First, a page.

OLS Within 2SLS DIF GMM1 DIF GMM1 DIF Levels Groups ( I / K )it −1 0.2669 -0.0094 (.0185) (.0181) -4.71 2.52 -11.36 -2.02 0.1626 (.0362) -10.56 0.61 0.1593 (.0327) -10.91 0.52 0.36 ( I / K )it −2 ( I / K )it −2 ( I / K )it −3 0.1560 (.0318) -11.12 0.46 0.43 ( I / K )it −2 ( I / K ) i1

m1 m2 Sargan (p) Instruments

24

Exogeneity/Endogeneity of additional regressors and instrument set

Consider again the dynamic model with one other explanatory variable: yit = αyit −1 + βxit + η i + vit and the model in first differences: ∆yit = α∆yit −1 + β∆xit + ∆vit . Consider the case with T = 4. When x is strictly exogenous w.r.t. v , the instruments are

LM y , x ,..., x Z = N 0

i1 i1 i

i4

0 . yi1 , yi 2 , xi1 ,..., xi 4

OP Q

25

When x is predetermined

LM y , x , x Z = N 0

i1 i1 i

i2

0 . yi1 , yi 2 , xi1 , xi 2 , xi 3

OP Q

And when x is endogenous

LM y , x Z = N 0

i1 i

i1

0 . yi1 , yi 2 , xi1 , xi 2

OP Q

26

An example and finite sample inference

Arellano and Bond (1991) estimate dynamic employment equations using a sample of 140 UK quoted firms over the years 1976-1984. One model was specified as nit = α 1nit −1 + α 2 nit −2 + βwit + β 1wit −1 + γkit + δysit + δ 1 ysit −1 + λ t + η i + uit where nit is the logarithm of UK employment in company i at the end of the period t , wit is the log of the real product wage, kit is the log of gross capital and ysit is the log of industry output. The table presents estimation results for the one- and two-step GMM estimators.

27

nit −1 nit −2 wit wit −1 kit ysit ysit −1 m1 m2 Wald

One-Step coeff std err .535 .166 -.075 .068 -.592 .168 .292 .142 .359 .054 .597 .172 -.612 .212 -2.493 -0.359 219.6

coeff .474 -.052 -.513 .225 .293 .610 -.446

Two-Step std err std errc .085 .185 .027 .052 .049 .146 .080 .142 .040 .063 .109 .156 .125 .217 -2.826 -1.999 -0.327 -0.316 372.0 142.0

28

Another test statistic with reasonable finite sample properties is the difference between the Sargan test statistics in the models with and without the restriction imposed. Imposing α 2 = 0 (keeping time periods and instruments the same) results in a Sargan test of 30.58. The difference between the Sargan tests is therefore 0.47, which is much smaller that the 5% critical value of the chi-squared distribution with one degree of freedom. H0 : α 2 = 0 is therefore not rejected.

29

Weak Instruments and Dynamic Panels

Remember that instruments have to satisfy that 1.They are not correlated with the error term in the equation of interest. 2.They are correlated with the endogenous explanatory variable. Whether the instruments are correlated with the error term is tested by means of the Sargan test. If the Sargan test rejects the null of no correlation, the IV estimator is biased and inconsistent. However, even if the instruments are not correlated with the error term, a serious small sample bias can occur if they are only weakly correlated with the endogenous explanatory variable.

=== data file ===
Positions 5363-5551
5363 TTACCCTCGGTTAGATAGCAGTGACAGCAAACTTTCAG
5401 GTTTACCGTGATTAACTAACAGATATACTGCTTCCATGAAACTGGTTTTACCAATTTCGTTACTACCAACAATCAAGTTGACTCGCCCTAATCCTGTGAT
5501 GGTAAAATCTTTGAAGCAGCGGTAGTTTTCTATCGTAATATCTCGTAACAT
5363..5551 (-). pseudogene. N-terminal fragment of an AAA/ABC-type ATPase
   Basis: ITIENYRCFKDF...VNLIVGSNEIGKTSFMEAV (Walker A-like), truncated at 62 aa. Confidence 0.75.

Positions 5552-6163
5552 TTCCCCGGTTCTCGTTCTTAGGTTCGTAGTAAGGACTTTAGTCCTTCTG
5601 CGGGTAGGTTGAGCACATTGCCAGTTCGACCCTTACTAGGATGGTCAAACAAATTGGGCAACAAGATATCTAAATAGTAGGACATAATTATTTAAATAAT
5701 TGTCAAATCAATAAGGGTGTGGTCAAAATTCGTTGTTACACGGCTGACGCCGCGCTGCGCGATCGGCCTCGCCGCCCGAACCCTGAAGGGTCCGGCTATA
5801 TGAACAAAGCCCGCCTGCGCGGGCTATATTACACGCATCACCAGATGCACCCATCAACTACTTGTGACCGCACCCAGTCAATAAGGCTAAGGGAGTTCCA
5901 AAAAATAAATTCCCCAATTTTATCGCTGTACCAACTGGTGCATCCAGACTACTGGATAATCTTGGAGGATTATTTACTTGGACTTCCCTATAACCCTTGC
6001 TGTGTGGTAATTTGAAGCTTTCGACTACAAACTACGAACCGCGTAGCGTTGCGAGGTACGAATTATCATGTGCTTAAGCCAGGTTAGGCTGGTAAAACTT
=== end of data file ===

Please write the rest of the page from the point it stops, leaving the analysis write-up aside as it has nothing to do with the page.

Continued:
30

**For the dynamic panel data model in first differences
**

∆yit = α∆yit −1 + ∆vit

lagged levels yit −2 ,..., yi1 as instruments for ∆yit −1 become less informative as α increases. (For the extreme unit root case, yit = yit −1 + vit , α is not identified in the first differenced GMM model). The weak instrument bias tend to go in the direction of the within groups bias (i.e. downward). This occurs for any highly persistent endogenous r.h.s. variable – capital etc.

31

There are T − 2 additional moment conditions (additional to the moment conditions for the model in first differences) for this case are

**E uit ∆yit −1 = E η i + vit ∆yit −1
**

it

a

f ba = Eba y

f

− αyit −1 ∆yit −1 = 0

f

g

g

These additional moment conditions are available if the initial conditions satisfy E η i ∆yi 2 = 0 , which holds when the process is mean stationary:

yi1 = E ε i1

a

f

a f a f

32

ηi + ε i1 1−α . = E η i ε i1 = 0

The GMM estimator that combines the moment conditions for the differenced model with those for the levels model is call the SYSTEM estimator (Blundell and Bond (1998)) and has been shown to perform much better (less bias and more precision), especially when α is large, i.e. when the series are persistent. This is due to the fact that ∆yit −1 is a good instrument for yit −1, it explains yit −1 well, irrespective of the value of α . Whether the additional moment conditions are valid has of course to be tested, using the Sargan test.

33

The model is yit = αyit −1 + βxit + η i + vit xit = ρxit −1 + τη i + θvit + eit

2 2 T = 8, N = 500, β = 1, τ = 0.25, θ = −0.1, σ η = 1, σ 2 = 1, σ e = 0.16 v (Normal), 10,000 replications

34

ρ = 0.5 α = 0.5

OLS Mean St D

WG Mean St D 0.265 0.311 0.490 0.662 0.388 .018 .017 .045 .016 .044

DIF SYS Mean St D Mean St D 0.494 0.480 0.930 0.548 0.226 .034 0.501 .024 .040 0.511 .027 .136 0.997 .124 .177 0.979 .011 .356 0.983 .101

ρ 0.762

.012 .007 .034 .001 .035